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Pension Article Takedown

Pension Article Takedown

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Published by vicki_mckenna
written by my actuarial insider in WI government
written by my actuarial insider in WI government

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Published by: vicki_mckenna on Jun 25, 2012
Copyright:Attribution Non-commercial


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 The Milwaukee Journal-Sentinel continues to lead on its home page with this"State's Pension Strongest in Nation" article(http://www.jsonline.com/news/statepolitics/states-pension-is-strongest-in-nation-study-finds-bc5s0t0-160191165.html), but going through it paragraph byparagraph, I'm not exaggerating, it may be the most dishonest, most deceptivearticle about the WRS out there, even worse than the Cap Times! This is LewisCarroll "Alice in Wonderland"faux-journalism...PARAGRAPH BY PARAGRAPH THROUGH THIS AMAZING ARTICLE:"
More impressively, Wisconsin got those high marks for its pension funding forfiscal year 2010 - before Gov. Scott Walker and Republican lawmakers requiredpublic employees to contribute more for their pension and work longer hours andmore years to qualify for one
Automatically extracting what ever is needed to fund the system from taxpayersis not "impressive."
It's simply automatic funding regardless of circumstances.and the funding would still "fully-funded" regardless of new service requirementfor part-time, and vesting requirement by Gov. Walker
"Really in every metric, you're doing better than other states. .
It means you can tell taxpayers and businesses you're going to be paying for theservices you're getting, not the services that past generations have beengetting," said David Draine, a senior researcher at the Pew Center on the States.(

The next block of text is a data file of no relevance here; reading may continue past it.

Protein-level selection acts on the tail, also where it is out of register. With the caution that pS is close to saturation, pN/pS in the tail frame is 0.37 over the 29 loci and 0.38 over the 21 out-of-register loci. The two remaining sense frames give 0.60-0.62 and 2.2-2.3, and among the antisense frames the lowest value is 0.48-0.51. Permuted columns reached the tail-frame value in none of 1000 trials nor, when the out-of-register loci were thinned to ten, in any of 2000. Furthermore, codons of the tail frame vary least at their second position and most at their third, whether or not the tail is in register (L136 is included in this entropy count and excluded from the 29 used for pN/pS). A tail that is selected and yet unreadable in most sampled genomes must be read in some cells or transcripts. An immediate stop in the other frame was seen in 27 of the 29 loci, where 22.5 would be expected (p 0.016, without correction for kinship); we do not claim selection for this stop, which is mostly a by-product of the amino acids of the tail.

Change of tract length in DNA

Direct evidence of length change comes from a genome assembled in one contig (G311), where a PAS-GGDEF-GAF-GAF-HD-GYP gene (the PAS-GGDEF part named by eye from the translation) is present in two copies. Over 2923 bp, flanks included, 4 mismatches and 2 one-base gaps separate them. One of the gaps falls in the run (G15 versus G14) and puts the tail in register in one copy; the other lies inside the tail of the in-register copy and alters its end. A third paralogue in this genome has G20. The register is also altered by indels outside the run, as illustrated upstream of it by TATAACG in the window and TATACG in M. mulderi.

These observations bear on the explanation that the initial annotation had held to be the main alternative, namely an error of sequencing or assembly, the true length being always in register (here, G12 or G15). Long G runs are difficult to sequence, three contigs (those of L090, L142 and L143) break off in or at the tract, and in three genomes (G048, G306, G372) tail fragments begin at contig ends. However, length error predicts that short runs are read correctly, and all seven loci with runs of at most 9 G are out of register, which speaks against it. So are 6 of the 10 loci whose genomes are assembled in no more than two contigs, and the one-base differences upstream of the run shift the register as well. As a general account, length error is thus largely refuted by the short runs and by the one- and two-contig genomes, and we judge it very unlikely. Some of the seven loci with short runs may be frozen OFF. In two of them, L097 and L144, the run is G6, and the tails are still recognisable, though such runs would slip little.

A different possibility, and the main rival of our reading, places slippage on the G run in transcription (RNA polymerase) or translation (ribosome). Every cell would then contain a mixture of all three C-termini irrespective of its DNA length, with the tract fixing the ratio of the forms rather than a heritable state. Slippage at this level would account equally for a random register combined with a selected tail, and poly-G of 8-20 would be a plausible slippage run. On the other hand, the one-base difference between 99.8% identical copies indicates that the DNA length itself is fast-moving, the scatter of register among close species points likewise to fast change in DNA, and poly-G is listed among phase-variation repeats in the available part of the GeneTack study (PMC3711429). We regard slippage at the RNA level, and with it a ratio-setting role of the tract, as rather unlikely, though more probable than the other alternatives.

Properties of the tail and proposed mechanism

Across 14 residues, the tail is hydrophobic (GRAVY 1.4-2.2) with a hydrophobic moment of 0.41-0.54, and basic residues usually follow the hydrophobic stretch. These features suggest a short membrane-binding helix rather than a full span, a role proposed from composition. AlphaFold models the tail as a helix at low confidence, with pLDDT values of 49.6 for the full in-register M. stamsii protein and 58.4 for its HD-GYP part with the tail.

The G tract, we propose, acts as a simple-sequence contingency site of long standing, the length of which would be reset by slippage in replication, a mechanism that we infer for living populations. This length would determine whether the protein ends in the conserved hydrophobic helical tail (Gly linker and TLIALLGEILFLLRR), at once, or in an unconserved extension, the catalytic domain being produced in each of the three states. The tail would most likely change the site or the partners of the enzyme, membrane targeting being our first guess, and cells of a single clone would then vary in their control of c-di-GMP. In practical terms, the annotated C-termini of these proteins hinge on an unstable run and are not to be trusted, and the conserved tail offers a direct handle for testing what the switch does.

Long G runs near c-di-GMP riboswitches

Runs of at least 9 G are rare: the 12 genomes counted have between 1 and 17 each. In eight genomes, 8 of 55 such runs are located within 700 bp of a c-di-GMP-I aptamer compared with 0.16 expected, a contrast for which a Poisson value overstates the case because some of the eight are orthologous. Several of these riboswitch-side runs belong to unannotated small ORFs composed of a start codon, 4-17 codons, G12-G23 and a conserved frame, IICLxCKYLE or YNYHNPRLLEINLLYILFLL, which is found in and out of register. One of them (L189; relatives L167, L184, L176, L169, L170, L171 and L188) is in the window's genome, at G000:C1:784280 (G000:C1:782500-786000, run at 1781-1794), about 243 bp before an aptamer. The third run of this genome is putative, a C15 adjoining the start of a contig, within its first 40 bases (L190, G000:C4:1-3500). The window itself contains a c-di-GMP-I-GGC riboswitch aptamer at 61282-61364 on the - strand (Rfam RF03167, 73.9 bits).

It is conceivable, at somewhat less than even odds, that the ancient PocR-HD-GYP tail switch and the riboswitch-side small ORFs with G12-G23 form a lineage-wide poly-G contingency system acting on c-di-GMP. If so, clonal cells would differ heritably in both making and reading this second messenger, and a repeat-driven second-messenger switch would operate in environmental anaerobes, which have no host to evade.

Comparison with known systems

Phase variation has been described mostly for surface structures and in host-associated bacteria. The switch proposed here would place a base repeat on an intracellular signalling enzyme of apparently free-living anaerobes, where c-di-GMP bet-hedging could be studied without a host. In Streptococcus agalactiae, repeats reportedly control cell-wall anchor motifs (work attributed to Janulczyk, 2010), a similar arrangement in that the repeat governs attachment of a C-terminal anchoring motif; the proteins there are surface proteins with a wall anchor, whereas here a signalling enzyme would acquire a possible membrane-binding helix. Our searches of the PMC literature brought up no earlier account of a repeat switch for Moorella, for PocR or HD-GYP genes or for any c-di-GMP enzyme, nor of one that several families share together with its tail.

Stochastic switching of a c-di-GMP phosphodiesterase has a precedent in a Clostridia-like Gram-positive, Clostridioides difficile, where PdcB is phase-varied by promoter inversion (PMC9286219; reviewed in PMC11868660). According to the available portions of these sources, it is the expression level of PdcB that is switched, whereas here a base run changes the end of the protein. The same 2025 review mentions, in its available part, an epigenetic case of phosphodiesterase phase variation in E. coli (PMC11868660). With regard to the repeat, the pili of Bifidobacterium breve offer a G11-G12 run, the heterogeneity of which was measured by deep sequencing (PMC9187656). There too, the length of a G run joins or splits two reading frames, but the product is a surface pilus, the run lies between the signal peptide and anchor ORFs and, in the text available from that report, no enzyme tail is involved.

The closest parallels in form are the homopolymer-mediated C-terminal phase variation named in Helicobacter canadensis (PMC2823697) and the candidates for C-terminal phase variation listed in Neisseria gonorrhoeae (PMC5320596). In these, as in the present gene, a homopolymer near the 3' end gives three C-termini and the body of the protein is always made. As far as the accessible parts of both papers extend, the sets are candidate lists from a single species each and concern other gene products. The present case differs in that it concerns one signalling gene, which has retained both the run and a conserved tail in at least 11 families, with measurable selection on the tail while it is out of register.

Factually wrong,
ignores the fact that majority of retirees are at-or-approaching Core Fund base amounts, and
if we have a simple global recessionsometime over next couple of years, the taxpayers WILL dig deep to pay forprevious retirees, as those guaranteed pensions have to be paid
"But compared to the rest of the country, Wisconsin has more reason to celebratethan to panic."
(What???!!! The WRS refuses to address a formula calculation that guaranteesmonthly amounts that don't fit today's financial results
; the WRS continues toinsist on using 7.2% as the assumed rate, because if they don't they have to telltaxpayers they have to kick in even more;
the WRS refuses to address "pensionspiking" which is out of control with UW/teachers/city workers, etc.; the "totalnormal cost" is going to have its FIFTH increase in 2013, and taxpayers WILL haveto kick in substantially more in 2013 than 2012; system has an open-endedtaxpayer liability, which one more global financial crisis can send the systemdown; the WRS uses the public-pension accounting rules, which even Time magazinesays should be illegal., etc. etc. etc.)
 "To make up the gap, the other 49 states will have to set aside more tax dollars,cut future benefits or raise contribution rates for current employees, or resortto legally questionable strategies to siphon away cost of living adjustments forcurrent retirees."(
The outright lie, the smoking gun in the whole dishonest article -- "the other49 states will have to set aside more tax dollars"??? We just had the WRS admitlast week that the total normal cost is going to leap next year, because offunding needs, and taxpayers will be paying 6.6% match or more of general/teacherpay in 2013, compared to 5.9% in 2012.
What the hell are they talking about?Local governments and school districts are going to have to raise taxes or cutservices to meet this obligation of paying more to the WRS!!)
"It's pretty clear that the Wisconsin retirement system is a model for the nationin terms of its long-term health," said Jim Palmer